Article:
4 Reasons Warren Buffett Loves Wells Fargo More Than Any Other Stock
1. Great company at a good price, or a good company at a great price?
In 1989, Buffett wrote to Berkshire Hathaway shareholders that, “It’s far better to buy a wonderful company at a fair price than a fair company at a wonderful price.” He was speaking about “bargain-purchase” folly, one of the traps of the value investing philosophy that can be surprisingly difficult to avoid. In his 1989 letter, he admits to falling into it himself with, among other things, the purchase of the Berkshire textile manufacturing company. He was “enticed to buy because the price looked cheap,” but as he went on to say, the deal wasn’t such a bargain after all.
“Now, when buying companies or common stocks,” he wrote, “we look for first-class businesses accompanied by first-class managements.” Ostensibly, this means Wells Fargo. Buffett first invested in the bank in 1989, and has been seriously adding to his position for nearly a decade. At the time of his first purchase, Buffet told Berkshire shareholders that, “With Wells Fargo, we think we have obtained the best managers in the business, Carl Reichardt and Paul Hazen.” Reichardt was president of the bank from 1978 to 1984, and chair the institution until 1994; Hazen succeed Rechardt as president, until 1998, and later chair, until 2001.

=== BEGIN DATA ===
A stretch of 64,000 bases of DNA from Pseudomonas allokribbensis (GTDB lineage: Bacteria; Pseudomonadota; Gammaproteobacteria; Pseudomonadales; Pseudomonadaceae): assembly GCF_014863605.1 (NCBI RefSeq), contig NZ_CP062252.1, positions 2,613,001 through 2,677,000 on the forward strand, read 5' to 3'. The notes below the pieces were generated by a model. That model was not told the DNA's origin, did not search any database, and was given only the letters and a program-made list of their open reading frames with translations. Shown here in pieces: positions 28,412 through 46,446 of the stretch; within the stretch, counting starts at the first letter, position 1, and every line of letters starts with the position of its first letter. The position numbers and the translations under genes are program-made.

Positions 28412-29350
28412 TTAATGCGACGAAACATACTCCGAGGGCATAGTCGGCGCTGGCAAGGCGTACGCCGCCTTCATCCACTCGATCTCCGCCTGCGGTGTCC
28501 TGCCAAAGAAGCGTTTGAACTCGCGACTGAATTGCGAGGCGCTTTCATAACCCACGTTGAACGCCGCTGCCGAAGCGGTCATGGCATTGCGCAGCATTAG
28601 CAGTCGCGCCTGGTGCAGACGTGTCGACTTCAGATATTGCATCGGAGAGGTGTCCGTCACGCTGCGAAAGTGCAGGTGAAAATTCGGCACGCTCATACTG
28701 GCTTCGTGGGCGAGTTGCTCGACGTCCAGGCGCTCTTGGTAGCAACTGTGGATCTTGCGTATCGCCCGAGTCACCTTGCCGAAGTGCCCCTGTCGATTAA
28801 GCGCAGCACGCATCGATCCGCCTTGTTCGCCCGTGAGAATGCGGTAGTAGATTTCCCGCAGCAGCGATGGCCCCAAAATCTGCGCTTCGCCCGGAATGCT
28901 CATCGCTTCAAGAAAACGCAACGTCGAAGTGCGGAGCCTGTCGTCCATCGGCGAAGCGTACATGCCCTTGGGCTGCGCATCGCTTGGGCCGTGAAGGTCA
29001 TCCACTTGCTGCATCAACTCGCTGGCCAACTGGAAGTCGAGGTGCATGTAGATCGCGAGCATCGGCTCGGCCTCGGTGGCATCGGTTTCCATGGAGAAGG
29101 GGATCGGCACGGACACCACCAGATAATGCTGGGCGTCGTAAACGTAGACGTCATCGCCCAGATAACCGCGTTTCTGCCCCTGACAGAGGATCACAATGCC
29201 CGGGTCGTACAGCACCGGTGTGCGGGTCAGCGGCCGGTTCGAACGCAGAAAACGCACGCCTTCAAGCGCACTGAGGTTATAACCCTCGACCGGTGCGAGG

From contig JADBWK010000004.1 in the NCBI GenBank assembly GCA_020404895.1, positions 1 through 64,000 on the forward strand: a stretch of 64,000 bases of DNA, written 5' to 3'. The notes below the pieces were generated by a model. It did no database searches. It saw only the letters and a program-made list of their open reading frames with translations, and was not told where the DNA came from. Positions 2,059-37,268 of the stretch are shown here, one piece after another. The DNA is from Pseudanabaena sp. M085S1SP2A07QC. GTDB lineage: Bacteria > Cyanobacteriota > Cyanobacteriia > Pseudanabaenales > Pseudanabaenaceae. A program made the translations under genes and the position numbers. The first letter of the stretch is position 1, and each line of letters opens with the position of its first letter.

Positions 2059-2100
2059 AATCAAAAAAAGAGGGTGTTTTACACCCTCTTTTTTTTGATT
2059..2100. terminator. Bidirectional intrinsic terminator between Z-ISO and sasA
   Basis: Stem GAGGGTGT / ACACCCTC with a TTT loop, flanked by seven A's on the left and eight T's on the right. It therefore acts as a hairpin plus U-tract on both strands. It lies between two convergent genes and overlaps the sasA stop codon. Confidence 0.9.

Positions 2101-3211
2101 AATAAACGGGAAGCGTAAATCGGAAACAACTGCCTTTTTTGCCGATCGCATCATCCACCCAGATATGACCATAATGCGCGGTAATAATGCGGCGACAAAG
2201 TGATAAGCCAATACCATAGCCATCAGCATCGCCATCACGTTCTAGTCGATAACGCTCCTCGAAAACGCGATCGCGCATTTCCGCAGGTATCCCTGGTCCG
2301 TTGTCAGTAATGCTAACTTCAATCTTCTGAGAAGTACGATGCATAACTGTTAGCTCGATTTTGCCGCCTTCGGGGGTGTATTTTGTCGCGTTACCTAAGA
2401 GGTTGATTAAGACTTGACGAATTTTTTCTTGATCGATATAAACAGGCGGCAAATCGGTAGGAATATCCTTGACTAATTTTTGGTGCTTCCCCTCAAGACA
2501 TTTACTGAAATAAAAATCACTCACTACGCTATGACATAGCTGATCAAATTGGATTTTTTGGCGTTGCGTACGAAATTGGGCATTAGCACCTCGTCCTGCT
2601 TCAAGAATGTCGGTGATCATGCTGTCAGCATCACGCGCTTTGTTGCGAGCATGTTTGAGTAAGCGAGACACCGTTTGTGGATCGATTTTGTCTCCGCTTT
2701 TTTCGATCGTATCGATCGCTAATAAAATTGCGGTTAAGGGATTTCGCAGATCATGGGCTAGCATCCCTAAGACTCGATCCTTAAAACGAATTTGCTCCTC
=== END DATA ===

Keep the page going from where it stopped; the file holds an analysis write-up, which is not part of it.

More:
Buffett owned 5 million shares of Wells Fargo stock in 1990 for a cost of $289.4 million. He’s bought in at a number of different price points since, but his philosophy appears to have remained the same. He’s continued to add to his position based on the idea that Wells Fargo is one of the best banks in the business being run by some of the best people in the business. At the helm right now is John Strumpf.
Back in 1990, Buffett wrote that, “Because leverage of 20:1 magnifies the effects of managerial strengths and weaknesses, we have no interest in purchasing shares of a poorly-managed bank at a “cheap” price. Instead, our only interest is in buying into well-managed banks at fair prices.”
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